Using emerging technology to identify “linguistic fingerprints” idiosyncratic to individual authors, the Intelligence Advanced Research Projects Activity department seeks to create programs that can both uncover the identity of an author as well as hide their tracks
This is mainly being conducted through the Human Interpretable Attribution of Text Using Underlying Structure (HIATUS) research program, which is officially tasked with “developing novel human-useable AI systems for attributing authorship and protecting author privacy through identification and leveraging of explainable linguistic fingerprints.” In terms of the project, it seeks to develop ways of algorithmically identifying linguistic variation attributable to the specific way any author writes. This would allow artificial intelligence to identify the identity of authors specifically though examples of previous work. This would also allow the programs to obscure the identity of the authors through the removal of these identifying patterns.
These “linguistic fingerprints” refer to a broad array of potential identifiers such as spelling, syntax, specific phrases, general vocabulary, punctuation, formatting, rhythm and several others. The former aspect of HIATUS would be using these fingerprints to identify authorship whereas the latter would be scrubbing these from the text, rendering the original author unidentifiable via text alone.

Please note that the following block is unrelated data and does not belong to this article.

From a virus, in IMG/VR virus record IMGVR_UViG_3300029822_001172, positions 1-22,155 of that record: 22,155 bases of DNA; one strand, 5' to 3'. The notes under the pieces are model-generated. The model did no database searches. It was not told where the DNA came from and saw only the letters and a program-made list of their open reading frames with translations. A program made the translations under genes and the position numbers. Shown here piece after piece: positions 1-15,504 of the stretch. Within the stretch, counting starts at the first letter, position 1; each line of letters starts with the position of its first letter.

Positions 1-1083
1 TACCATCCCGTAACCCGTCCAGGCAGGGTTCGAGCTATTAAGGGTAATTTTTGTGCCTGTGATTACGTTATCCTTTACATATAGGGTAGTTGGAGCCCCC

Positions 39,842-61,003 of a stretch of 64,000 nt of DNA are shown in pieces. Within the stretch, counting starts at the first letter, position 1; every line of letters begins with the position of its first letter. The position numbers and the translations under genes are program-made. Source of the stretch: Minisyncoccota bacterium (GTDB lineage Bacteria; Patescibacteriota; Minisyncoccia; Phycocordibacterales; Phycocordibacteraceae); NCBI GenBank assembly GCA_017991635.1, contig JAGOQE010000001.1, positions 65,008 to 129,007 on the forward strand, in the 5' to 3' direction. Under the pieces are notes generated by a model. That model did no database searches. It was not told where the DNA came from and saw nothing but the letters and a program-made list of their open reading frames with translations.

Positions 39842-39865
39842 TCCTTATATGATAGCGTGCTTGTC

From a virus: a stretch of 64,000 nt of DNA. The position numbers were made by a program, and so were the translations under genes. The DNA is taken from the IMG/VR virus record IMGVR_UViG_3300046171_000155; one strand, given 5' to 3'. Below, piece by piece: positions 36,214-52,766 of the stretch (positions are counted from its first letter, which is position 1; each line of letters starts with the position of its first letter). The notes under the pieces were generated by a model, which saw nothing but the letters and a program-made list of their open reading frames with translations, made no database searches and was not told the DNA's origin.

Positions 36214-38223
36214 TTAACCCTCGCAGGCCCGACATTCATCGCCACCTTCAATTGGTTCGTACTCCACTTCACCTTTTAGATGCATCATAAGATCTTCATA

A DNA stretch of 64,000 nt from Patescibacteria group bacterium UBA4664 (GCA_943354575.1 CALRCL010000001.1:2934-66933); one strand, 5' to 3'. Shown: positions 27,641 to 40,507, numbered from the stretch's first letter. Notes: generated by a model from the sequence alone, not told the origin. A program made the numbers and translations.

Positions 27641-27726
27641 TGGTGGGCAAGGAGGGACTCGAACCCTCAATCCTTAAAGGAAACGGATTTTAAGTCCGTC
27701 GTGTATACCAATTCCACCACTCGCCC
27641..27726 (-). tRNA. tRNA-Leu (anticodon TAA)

Dr. Timothy McKinnon, contact point for the HIATUS program, stated that “HIATUS seeks to develop novel human-useable AI systems for attributing authorship and protecting author privacy through identification and leveraging of explainable linguistic fingerprints.” The program description continues to state that “Successful technical approaches will be scalable across diverse topic domains, genres and languages.”
Given that the parent organization of IARPA, the Office of the Director of National Intelligence, has extremely strong ties to national security, we can imagine that the technology has specific uses in terms of espionage and counter-espionage. Given that the ability to decipher the identity of potential agents through texts alone combined with the ability to further obfuscate the identity of friendly actors in hostile scenarios would be extremely useful in the field of intelligence, the technology may see more widespread usage in said areas in the near future. The anonymization of information can itself be weaponized as distorting the flow of information through an overload of information has been a common spying tactic in the past with a former NSA foreign surveillance agent revealing in an interview with The Sociable that one can “create so much noise in the channel that people start to have overall doubts on all information that’s available in the media, social media, and other places”.
Departing from this Bond-esque depiction of the near future, the technology can also be used for more mundane and bureaucratic purposes. In terms of academia, the sourcing aspect of it could be used to identify and cite the correct authors for both IP protection as well as record-keeping. In a more humanitarian sense, the obfuscation utility can be used to protect journalists, whistleblowers or refugees in high-risk positions and hence come to act as a defense mechanism for free speech.
The fact that the project can lead to both a toolkit for the spies of tomorrow as well as a surprisingly effective crutch for any beleaguered librarian just goes to show the flexibility of emerging technology and its potential moving forward.
Information was sourced from The Sociable.
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